Al-Bustani School Beirut

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Samira from Beirut

I am a reflective wanderer who turns her encounters into stories...

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As you’re walking in the heritage neighborhood of Zokak el Blatt in Beirut, barely 200 meters from Downtown Beirut, you’ll stumble upon an 1800 building that looks neglected & squatted by families that once was the first national school in this region when it was full of missionary or religious schools.

Butrus al-Bustani, a Christian Maronite who turned Protestant in the 19th century being influenced by American Protestant missions, fled the civil war of Mount Lebanon between the Druze and Maronites, and decided to open a new national school in 1863 to foster citizenship regard­less of the sect for the people of Beirut, and neighboring areas.

A school that had students who later were themselves leading Beirut intellectuals, like Ibrähim Bey al -Aswad, Abdel Kader Dana, and Abd el -Kader Kabbani. The school was a non-religious institution that opened its doors to any student regardless of religion, social status, or where they were from. Its curriculum included a focus on languages such as Arabic, English, Greek, and French, literature in all languages, poetry, mathematics, translation, history, and geography. Imagine, in mid-1800’s?! However, it closed down in 1871 due to competition with other local religious schools and foreign missionary schools.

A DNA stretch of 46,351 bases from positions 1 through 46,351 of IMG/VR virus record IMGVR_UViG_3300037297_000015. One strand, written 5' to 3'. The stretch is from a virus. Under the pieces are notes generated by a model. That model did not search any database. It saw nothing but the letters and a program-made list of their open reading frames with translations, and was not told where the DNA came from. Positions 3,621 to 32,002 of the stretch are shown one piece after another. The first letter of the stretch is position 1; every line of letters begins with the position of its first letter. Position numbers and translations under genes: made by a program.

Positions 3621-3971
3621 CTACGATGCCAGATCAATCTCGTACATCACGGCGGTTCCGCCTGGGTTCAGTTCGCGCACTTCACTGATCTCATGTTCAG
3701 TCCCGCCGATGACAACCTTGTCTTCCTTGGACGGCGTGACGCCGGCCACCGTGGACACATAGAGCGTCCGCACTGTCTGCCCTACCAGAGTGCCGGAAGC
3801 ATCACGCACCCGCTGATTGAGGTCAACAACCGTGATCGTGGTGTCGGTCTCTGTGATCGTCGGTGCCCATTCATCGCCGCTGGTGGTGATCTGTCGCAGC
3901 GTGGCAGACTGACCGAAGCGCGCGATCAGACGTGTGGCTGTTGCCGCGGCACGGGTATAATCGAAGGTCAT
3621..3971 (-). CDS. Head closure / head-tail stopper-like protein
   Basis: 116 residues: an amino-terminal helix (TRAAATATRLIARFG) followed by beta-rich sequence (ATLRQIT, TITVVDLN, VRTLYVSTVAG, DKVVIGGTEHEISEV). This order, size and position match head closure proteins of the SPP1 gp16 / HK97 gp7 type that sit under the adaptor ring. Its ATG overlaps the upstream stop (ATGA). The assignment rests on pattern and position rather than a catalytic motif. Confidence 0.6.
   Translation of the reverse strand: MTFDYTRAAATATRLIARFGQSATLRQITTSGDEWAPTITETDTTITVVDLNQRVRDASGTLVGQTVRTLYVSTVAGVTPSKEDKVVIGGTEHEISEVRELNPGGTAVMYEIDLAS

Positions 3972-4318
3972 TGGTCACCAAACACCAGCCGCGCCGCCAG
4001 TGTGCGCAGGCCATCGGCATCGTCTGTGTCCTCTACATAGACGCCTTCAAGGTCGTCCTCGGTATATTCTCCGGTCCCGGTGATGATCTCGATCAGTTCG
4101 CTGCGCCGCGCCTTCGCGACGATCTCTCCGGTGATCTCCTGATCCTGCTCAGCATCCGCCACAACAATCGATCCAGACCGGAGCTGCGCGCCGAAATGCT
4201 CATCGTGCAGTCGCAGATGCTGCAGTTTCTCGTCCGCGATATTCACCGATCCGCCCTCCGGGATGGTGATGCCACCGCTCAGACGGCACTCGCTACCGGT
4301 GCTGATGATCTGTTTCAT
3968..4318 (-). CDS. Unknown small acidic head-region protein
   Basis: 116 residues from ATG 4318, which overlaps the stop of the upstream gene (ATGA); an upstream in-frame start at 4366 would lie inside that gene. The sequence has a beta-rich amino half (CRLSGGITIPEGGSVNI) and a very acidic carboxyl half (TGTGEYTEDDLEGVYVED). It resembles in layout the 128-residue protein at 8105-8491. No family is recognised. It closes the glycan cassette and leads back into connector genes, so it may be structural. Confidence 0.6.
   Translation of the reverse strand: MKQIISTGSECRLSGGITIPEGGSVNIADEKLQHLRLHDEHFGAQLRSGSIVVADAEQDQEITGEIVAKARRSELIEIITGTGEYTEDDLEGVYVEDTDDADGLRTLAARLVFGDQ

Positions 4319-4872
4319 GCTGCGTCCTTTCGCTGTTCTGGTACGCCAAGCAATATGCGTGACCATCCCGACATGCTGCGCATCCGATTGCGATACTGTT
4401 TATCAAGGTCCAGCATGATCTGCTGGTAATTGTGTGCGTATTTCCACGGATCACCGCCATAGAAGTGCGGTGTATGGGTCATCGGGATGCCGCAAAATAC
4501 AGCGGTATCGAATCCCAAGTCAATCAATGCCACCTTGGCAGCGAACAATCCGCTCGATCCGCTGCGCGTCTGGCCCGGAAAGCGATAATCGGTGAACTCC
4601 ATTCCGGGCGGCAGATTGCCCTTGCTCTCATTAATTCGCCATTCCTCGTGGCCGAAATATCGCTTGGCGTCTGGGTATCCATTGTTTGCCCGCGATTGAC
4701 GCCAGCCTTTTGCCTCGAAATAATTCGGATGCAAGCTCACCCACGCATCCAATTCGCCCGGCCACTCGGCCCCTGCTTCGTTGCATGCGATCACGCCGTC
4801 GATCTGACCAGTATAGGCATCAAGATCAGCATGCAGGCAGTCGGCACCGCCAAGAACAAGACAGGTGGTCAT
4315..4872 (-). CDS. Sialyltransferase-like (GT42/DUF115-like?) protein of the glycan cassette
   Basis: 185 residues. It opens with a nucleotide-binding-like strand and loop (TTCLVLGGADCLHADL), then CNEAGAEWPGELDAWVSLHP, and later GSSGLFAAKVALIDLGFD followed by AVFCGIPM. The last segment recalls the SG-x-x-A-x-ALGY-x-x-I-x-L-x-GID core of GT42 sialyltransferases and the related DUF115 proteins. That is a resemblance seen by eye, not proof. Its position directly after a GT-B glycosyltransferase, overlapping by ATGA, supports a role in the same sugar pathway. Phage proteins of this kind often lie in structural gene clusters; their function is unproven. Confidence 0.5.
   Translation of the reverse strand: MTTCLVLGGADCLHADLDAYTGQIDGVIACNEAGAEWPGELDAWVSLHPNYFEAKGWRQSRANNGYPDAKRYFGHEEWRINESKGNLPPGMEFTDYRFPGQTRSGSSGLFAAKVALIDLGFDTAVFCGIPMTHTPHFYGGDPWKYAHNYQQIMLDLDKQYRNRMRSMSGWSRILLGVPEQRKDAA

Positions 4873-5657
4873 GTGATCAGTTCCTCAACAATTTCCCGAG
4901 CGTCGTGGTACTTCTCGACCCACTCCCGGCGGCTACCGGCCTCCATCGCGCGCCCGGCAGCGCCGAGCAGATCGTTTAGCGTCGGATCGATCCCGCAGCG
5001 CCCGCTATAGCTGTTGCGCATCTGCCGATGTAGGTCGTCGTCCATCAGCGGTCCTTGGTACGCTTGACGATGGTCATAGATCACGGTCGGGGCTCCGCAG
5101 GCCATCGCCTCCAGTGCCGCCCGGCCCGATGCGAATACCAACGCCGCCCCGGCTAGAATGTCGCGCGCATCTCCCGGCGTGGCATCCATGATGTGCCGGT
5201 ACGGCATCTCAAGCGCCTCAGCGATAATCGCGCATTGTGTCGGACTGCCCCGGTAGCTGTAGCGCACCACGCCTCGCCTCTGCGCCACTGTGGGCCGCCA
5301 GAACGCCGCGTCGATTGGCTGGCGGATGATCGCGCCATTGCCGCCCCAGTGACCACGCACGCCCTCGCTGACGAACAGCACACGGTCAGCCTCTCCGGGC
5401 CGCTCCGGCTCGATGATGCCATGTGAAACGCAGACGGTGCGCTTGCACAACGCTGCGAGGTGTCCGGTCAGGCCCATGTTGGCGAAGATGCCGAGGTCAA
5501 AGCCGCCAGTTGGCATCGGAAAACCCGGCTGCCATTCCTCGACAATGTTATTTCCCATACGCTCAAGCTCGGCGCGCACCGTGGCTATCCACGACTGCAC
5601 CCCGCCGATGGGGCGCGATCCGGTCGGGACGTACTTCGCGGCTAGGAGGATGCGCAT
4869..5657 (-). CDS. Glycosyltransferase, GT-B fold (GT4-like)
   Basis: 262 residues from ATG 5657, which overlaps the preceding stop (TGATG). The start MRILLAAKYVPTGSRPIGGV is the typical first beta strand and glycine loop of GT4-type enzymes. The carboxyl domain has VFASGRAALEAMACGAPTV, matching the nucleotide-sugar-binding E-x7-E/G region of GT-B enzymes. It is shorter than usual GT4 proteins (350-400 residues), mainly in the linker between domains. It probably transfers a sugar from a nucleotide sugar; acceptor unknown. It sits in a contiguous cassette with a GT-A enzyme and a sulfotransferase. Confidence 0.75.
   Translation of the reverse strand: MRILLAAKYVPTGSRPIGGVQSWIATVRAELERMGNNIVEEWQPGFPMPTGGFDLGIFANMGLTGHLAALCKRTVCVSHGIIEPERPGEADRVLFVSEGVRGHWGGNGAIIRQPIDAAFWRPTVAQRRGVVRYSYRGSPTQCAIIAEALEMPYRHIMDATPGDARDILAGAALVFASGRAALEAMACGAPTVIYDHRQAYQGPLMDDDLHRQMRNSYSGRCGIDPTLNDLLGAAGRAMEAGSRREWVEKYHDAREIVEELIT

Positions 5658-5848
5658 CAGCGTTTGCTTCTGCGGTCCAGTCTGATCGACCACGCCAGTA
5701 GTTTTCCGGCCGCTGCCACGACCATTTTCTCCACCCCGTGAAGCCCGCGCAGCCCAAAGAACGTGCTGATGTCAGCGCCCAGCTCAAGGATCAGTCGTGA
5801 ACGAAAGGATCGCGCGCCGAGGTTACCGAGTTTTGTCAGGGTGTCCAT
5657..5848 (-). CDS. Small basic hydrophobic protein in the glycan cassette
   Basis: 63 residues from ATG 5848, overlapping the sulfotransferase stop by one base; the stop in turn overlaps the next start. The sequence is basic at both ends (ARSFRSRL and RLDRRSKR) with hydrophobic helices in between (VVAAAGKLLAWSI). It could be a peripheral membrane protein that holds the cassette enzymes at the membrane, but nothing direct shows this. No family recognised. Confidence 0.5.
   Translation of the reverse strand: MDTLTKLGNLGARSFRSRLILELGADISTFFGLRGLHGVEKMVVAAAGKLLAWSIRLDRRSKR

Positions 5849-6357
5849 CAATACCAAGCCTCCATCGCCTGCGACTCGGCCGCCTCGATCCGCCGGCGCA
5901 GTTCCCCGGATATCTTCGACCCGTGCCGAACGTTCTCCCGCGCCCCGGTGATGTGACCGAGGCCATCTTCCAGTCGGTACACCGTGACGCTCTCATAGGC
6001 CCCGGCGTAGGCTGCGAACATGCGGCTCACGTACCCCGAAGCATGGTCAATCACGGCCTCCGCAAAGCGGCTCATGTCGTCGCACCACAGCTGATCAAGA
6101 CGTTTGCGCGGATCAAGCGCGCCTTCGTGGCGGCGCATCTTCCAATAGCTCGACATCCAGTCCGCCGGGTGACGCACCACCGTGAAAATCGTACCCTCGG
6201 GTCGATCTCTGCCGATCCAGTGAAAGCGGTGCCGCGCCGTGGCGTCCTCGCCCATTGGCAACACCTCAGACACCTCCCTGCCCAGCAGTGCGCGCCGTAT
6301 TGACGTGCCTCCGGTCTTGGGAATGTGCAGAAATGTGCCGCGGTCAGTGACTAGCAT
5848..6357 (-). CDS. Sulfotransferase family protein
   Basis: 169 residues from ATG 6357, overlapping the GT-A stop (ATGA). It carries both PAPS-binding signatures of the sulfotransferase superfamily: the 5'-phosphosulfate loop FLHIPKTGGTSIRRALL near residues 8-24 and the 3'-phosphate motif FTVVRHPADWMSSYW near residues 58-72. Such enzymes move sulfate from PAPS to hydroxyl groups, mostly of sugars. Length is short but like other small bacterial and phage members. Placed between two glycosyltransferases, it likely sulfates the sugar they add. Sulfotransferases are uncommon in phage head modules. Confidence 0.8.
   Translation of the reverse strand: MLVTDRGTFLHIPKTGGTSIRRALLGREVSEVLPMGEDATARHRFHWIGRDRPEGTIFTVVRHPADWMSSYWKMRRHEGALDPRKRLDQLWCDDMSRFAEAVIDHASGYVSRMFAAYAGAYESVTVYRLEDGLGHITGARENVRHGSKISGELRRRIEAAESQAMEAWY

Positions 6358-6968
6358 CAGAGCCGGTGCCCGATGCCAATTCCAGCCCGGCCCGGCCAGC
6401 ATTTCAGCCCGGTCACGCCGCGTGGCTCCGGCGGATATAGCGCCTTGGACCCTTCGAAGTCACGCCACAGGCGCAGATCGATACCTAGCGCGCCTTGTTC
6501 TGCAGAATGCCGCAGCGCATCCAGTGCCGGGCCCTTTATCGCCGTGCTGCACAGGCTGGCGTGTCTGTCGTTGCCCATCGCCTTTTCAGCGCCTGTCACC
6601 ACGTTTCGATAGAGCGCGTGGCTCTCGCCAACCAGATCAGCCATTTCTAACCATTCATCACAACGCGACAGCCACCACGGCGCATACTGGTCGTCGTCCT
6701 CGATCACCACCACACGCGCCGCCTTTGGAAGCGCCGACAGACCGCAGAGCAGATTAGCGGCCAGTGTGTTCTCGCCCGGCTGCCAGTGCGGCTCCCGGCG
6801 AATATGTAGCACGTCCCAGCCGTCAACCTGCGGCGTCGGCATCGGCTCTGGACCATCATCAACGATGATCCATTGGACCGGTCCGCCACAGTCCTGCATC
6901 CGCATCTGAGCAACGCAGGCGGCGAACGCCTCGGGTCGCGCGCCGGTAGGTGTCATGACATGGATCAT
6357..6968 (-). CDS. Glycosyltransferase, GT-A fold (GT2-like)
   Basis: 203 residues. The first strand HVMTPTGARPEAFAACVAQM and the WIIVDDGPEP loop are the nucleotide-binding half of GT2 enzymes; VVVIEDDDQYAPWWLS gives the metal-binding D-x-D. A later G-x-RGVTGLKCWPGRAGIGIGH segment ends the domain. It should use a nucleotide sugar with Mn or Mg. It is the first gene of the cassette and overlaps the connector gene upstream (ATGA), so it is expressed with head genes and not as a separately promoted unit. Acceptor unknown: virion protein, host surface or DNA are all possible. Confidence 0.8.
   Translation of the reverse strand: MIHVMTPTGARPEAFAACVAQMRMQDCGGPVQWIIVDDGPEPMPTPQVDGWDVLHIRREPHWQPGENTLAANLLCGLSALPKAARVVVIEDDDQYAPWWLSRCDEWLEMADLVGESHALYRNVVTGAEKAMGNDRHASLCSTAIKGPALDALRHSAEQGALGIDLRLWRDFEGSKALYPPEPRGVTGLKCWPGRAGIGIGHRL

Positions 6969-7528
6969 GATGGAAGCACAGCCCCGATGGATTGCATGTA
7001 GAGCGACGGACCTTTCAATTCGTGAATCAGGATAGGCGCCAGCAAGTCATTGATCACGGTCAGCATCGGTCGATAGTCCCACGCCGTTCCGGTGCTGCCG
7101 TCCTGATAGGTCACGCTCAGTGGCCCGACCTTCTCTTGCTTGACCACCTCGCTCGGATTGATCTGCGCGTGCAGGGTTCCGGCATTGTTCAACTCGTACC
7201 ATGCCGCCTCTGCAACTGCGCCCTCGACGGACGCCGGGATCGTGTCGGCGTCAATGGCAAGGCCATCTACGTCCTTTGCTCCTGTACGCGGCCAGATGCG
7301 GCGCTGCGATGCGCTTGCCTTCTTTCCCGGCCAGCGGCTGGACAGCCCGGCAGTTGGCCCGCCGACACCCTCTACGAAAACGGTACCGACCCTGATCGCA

Constructed of local sandstone, this school consists of 3 buildings taken over by once-squatters during the Lebanese Civil War (1975-1990) and now paying rental for an unknown entity, with low hopes of funds for its restoration.

In fact, this neighborhood stands out as an academic heritage neighborhood extending from the old city of Downtown Beirut, but it’s neglected.

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Samira from Beirut

Samira Ezzo photo

I am a reflective wanderer who turns her encounters into stories...

Read all articles

Details about this spot

Categories

Address

VGR2+W24, Beirut

Opening Times

24 hours daily
Last Changed Date: 2016-05-19 11:45:13 +0200 (Thu, 19 May 2016)